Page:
British politicians led by Prime Minister Gordon Brown joined celebrities and cancer charities in paying rich tributes to reality TV star Jade Goody who died Sunday of cervical cancer.
"She was a courageous woman both in life and death, and the whole country has admired her determination to provide a bright future for her children," Brown said.
"She will be remembered fondly by all who knew her and her family can be extremely proud of the work she has done to raise awareness of cervical cancer which will benefit thousands of women across the UK."
Harpal Kumar, Chief Executive of the charity Cancer Research, said: "Her brave battle with an aggressive form of cervical cancer has received widespread public attention and encouraged thousands of women to seek advice on how to prevent the disease.
"She has done a great public service by raising awareness of the importance of screening during her last few months of life."
Goody, whose cervical cancer had spread to her bowel, groin and liver, died at her home in southeast England in her sleep at the age of 27.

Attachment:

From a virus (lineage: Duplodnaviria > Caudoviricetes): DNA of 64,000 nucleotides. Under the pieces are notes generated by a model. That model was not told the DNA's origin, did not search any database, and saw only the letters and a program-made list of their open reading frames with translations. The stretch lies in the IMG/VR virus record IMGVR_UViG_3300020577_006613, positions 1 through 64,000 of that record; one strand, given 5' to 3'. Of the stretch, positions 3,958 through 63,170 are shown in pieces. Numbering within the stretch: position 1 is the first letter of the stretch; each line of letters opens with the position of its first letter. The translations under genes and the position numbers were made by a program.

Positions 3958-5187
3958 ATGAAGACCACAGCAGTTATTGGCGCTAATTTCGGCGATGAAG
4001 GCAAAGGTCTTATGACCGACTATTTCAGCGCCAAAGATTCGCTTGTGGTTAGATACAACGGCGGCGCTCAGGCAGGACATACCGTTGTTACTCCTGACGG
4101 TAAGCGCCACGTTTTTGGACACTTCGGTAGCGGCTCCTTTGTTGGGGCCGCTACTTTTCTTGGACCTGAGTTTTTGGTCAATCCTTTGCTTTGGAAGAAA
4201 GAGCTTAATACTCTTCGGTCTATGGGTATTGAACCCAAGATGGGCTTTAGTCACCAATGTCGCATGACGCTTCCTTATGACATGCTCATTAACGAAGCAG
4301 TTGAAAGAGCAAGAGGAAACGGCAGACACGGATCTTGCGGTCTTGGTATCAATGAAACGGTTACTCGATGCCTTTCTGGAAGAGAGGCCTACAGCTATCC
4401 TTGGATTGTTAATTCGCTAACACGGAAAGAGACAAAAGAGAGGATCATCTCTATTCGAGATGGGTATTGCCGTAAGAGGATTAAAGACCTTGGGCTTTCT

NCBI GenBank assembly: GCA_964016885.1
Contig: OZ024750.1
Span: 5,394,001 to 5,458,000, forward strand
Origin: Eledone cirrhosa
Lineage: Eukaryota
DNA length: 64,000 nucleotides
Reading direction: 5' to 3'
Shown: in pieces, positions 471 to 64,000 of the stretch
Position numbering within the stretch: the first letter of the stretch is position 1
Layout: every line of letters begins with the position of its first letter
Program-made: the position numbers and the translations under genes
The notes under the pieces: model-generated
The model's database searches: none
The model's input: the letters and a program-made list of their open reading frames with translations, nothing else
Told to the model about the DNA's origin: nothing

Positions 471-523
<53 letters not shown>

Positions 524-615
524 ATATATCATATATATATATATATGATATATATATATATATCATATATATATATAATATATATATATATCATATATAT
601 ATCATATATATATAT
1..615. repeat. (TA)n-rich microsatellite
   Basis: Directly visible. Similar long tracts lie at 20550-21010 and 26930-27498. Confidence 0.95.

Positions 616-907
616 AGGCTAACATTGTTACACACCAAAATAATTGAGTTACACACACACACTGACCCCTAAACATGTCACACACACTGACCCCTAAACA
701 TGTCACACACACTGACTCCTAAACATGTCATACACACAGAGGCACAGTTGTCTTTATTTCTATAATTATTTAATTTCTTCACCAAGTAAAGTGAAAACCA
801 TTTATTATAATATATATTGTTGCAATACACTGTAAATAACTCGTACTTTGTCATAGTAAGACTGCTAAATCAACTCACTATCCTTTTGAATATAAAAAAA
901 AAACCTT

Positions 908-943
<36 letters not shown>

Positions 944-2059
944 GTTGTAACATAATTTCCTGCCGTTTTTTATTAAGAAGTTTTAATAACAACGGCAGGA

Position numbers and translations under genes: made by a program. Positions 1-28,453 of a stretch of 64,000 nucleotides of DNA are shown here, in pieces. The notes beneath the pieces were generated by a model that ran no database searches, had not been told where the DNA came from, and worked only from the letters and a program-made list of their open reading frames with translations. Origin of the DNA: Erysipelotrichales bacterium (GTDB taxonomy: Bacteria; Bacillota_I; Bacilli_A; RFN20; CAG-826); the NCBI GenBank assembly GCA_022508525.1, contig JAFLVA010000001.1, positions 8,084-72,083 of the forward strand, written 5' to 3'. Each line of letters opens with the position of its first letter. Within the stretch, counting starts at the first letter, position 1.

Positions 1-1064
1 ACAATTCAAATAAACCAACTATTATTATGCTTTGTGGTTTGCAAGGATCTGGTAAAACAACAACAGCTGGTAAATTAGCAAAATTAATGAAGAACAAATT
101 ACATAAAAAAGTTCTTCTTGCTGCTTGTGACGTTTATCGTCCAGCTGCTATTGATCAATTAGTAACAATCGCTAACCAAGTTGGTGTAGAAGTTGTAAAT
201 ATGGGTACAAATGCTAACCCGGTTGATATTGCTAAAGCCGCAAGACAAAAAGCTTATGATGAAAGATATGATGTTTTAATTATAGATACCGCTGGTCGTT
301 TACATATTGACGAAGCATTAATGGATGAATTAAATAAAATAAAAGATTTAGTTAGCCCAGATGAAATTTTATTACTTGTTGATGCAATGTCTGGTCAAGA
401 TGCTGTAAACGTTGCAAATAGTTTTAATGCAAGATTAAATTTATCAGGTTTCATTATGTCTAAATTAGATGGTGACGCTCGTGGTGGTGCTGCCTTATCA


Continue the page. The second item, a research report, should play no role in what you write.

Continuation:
Racing pundit John McCririck, a former Celebrity Big Brother contestant, said: "For so many young girls it was a wannabe wish, they wanted to be like Jade Goody."
The Sultan of Brunei's son Prince Azim, whose unexpected friendship with Jade in 2007 attracted much media attention, said: "Jade was a warm and lovely lady. My condolences to (husband) Jack (Tweed) and her family."
In December 2007, the Prince gave Goody a diamond ring that the British media valued variously at 30,000 pounds and three million pounds.
British film actor, writer and television star Stephen Fry wrote in an online tribute: "Poor, dear Jade.... What a life. Jade lived life under a magnifying glass. Magnifying glasses magnify (obviously) but they distort and they burn. I suppose she was a kind of Princess D from the wrong side of the tracks."
All through Sunday ordinary well-wishers left flowers outside Goody's home in the village of Upshire in Essex.